Here And Elsewhere

Legacies of ill fated champions

There is a saying in racing that if a stallion dies his progeny comes good. Like many sayings, it is rather tongue in cheek.

However, there have been many sires, whose offspring have come good after the sire suffers an untimely demise.
A horse who certainly falls into the category of dying prematurely was the late Saint Ballado (Halo). Champion sire in the USA in 2005, Saint Ballado died when he was just 13 years old. Sadly, the same fate awaited two of Saint Ballado’s top sons, Saint Liam and Sunriver. Both stallions died young, leaving one full crop of foals apiece.  Saint Liam, a former Horse of the Year, left just 88 foals, but seven have become stakes winners. Three are graded winners, and one, Havre de Grace, is a multiple G1 winner whose is a strong contender for US Horse of the Year honours in 2011.
Ironically enough, Saint Liam’s best son, Buddy’s Saint, broke down and had to be euthanized as a 3yo, before he had a chance to go to stud.

Sunriver’s only crop of foals, which are now two, include Weemissfrankie, winner of the G1 Del Mar Debutante Stakes.
One can but wonder what might have been for Saint Ballado and sons if they had enjoyed longer stud careers.
There have been many other stallions to die young, leaving just one or two crops behind.  This happened to two of the sport’s greatest performers, Dubai Millennium (Seeking The Gold) and Shergar (Great Nephew).

Dubai Millennium died of grass sickness after just one year at stud. His 56 live foals included five stakes winners (10%), which include Dubawi. A triple G1 winner on the track, Dubawi has since gone on to prove himself as one of the world’s leading stallions.With his oldest crop now four, Dubawi has been represented by G1 winners, which includes 2000 Guineas winner and young sire Makfi. His offspring have won or been runner up in both of the last two 2000 Guineas, and his current 3yos include the G1 German Derby winner Waldpark.

Shergar, by comparison, failed to leave a major son behind. A brilliant 10 length winner of the Epsom Derby, Shergar was kidnapped whilst standing at stud, and was never found again. From just 35 foals, Shergar left behind five stakes winners, which included the Irish St Leger Authaal and the classic placed filly Maysoon.

Another stallion to prove very successful from relatively few number of foals was the 1979 Epsom Derby winner Troy. He had only four smallish crops (they averaged 29), but from 117 foals, Troy sired 13 stakes winners (11 percent). Of his 13 stakes winners, five were graded. His G1 winners Helen Street (Irish Oaks) and Walensee (Prix Vermeille) also made their marks at stud, with Helen Street producing Dubai World Cup winner and champion sire Street Cry (Machiavellin), while Walensee produced multiple G1 winner and Arc runner up Westerner (Danehill) .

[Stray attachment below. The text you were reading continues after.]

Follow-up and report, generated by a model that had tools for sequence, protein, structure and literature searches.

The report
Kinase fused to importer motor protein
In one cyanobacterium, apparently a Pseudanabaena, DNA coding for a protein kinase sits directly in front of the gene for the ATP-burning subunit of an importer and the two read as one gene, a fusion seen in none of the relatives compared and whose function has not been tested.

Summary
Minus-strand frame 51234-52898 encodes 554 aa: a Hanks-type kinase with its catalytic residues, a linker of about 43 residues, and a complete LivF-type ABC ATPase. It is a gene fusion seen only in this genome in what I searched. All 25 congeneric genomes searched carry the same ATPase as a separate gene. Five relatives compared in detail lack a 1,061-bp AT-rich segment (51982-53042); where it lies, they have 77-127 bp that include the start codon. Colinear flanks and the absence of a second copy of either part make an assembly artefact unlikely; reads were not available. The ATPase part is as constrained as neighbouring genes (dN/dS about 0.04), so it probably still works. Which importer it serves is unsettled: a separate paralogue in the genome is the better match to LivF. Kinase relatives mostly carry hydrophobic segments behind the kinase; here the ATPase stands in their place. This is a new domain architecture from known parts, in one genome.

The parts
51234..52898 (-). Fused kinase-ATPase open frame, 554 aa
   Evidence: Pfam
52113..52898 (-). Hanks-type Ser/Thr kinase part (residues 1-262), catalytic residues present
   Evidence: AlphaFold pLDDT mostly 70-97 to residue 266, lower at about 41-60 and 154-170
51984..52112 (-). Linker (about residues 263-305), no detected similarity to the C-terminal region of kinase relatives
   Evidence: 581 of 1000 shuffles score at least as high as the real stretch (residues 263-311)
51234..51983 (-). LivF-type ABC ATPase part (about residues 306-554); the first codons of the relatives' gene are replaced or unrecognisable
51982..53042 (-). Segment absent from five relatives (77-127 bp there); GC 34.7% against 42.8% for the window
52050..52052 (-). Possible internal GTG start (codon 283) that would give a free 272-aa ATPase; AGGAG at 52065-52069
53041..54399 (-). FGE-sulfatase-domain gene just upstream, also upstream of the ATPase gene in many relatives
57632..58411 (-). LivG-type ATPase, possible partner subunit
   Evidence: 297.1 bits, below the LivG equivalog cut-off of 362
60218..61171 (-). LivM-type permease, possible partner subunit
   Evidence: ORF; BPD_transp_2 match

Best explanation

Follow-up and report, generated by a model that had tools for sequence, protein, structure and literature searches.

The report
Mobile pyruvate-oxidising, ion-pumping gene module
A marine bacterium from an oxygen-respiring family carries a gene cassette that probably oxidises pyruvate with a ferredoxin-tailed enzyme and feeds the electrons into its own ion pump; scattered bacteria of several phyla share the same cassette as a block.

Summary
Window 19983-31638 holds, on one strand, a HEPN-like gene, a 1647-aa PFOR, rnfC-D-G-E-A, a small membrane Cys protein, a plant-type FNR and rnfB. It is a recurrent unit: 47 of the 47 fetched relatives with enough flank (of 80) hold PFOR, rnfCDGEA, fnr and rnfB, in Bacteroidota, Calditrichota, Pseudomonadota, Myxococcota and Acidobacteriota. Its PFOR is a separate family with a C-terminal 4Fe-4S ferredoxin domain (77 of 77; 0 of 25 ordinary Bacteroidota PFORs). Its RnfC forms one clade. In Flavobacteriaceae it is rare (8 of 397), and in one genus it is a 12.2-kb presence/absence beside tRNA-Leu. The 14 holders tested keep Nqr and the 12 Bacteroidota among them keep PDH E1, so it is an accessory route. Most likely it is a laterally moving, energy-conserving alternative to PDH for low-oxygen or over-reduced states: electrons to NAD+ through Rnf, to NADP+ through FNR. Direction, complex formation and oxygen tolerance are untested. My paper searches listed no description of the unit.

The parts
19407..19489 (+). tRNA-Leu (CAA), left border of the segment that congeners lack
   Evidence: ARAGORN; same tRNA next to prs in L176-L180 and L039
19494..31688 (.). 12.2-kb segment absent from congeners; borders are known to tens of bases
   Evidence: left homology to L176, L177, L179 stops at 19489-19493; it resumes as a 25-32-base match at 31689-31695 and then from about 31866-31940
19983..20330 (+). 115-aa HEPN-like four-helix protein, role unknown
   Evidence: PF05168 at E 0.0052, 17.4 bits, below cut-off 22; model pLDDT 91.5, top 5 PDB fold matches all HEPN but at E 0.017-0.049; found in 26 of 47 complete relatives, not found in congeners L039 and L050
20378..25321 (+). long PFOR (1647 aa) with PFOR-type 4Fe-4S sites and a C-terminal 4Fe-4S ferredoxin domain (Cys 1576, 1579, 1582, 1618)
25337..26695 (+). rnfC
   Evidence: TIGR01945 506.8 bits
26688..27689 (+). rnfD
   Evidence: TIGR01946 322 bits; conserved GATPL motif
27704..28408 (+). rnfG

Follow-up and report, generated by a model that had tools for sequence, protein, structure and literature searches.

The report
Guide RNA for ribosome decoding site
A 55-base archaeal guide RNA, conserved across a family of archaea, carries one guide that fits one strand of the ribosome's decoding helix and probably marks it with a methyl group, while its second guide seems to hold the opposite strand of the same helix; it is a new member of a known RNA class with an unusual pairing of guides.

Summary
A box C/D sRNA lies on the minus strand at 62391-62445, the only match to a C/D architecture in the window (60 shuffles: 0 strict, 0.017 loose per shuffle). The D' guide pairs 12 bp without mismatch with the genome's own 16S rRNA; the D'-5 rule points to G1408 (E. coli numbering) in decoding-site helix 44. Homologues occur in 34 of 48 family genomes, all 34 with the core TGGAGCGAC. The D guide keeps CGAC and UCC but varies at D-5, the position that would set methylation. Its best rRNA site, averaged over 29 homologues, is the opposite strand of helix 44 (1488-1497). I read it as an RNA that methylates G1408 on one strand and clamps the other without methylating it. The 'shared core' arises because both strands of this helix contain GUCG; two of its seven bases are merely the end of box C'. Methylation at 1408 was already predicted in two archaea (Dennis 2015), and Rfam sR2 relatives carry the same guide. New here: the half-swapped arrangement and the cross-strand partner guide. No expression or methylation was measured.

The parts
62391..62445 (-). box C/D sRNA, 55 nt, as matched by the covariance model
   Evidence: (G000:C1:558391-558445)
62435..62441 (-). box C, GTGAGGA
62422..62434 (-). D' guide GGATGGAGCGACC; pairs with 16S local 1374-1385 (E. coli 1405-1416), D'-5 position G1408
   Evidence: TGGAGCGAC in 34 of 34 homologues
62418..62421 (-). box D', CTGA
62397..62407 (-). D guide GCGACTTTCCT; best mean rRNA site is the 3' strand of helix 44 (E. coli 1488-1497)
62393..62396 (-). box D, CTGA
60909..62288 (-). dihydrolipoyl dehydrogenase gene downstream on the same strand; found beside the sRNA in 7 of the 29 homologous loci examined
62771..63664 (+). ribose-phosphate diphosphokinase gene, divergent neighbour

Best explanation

Troy is also broodmare sire of champions Fine Motion (Danehill), Pilsudski (Polish Precedent) and Pelder (Be My Guest), whilst 1999 Epsom Derby winner Oath (Fairy King) is out of the Troy mare Sheer Audacity.

Locally, there have also been a number of highly promising sires who have died too soon. Rollins, who is best known as the broodmare sire of Jet Master, left behind five crops but they contained just 93 foals. However, from these 93 youngsters, Rollins sired nine stakes winners (ie 10% percent of Rollins’ foals were stakes winners).  No fewer than 21 of Rollins’ offspring were stakes placed – an impressive 23% in other words.

His foals included G1 winner Love of London, smart galloper and sire Raise A Raucus, and, of course, Jet Lightning.
These are impressive numbers when considering they were produced from under 100 foals.

Where do SA’s top horses come from?

It is a well documented fact that a good horse can come from anywhere. Many top horses have been imported into this country, while others are raced by their breeders, or sold privately. The remainder go through the sales ring at some stage in their development.
Of the 11,588 horses born between 2004 and 2008, 16.4% of the population went under the hammer at the National Yearling Sale.
There have been 63 individual G1 winners bred in this country in the years 2004 to 2008. The years 2009 and 2010 involve horses still to young to have completed statistics.
Of these 63 top level winners, no fewer than 39 were bought at the National Yearling Sale. This means that a staggering 61% of G1 winners bred during the period of 2004 and 2008 came off the National Sale.
It is remarkable to think that over a period of four years, nearly two thirds of the country’s top horses all come off one sale.

Park Hill ties to South Africa

Meeznah, the impressive winner of Friday’s G2 and one of the top stayers in the world, has strong ties to several local thoroughbreds. Meeznah is a half-sister to Summerhill Stud’s broodmare, Deceptive Charm. The pair are out of Sadler’s Wells mare String Quartet, breeding which makes Deceptive Charm bred on the world-famous cross responsible for such high-class horses as Henrythenavigator (2000 Guineas), Divine Proportions (French Oaks), El Condor Pasa(Horse of the Year) and Virginia Waters (1000 Guineas).
String Quartet, herself, is an own sister to successful local sire, Casey Tibbs, the latter sire of such high-class performers as ill-fated champion Big City Life, Festive Occasion (SA Oaks), Cree Lodge (Winter Derby) and Heat Of the Night (Langerman Hcp).
This is also the family of local sire Vision of Grandeur, a son of Grand Lodge, whose dam, Champaka, is a half-sister to Casey Tibbs and String Quartet.

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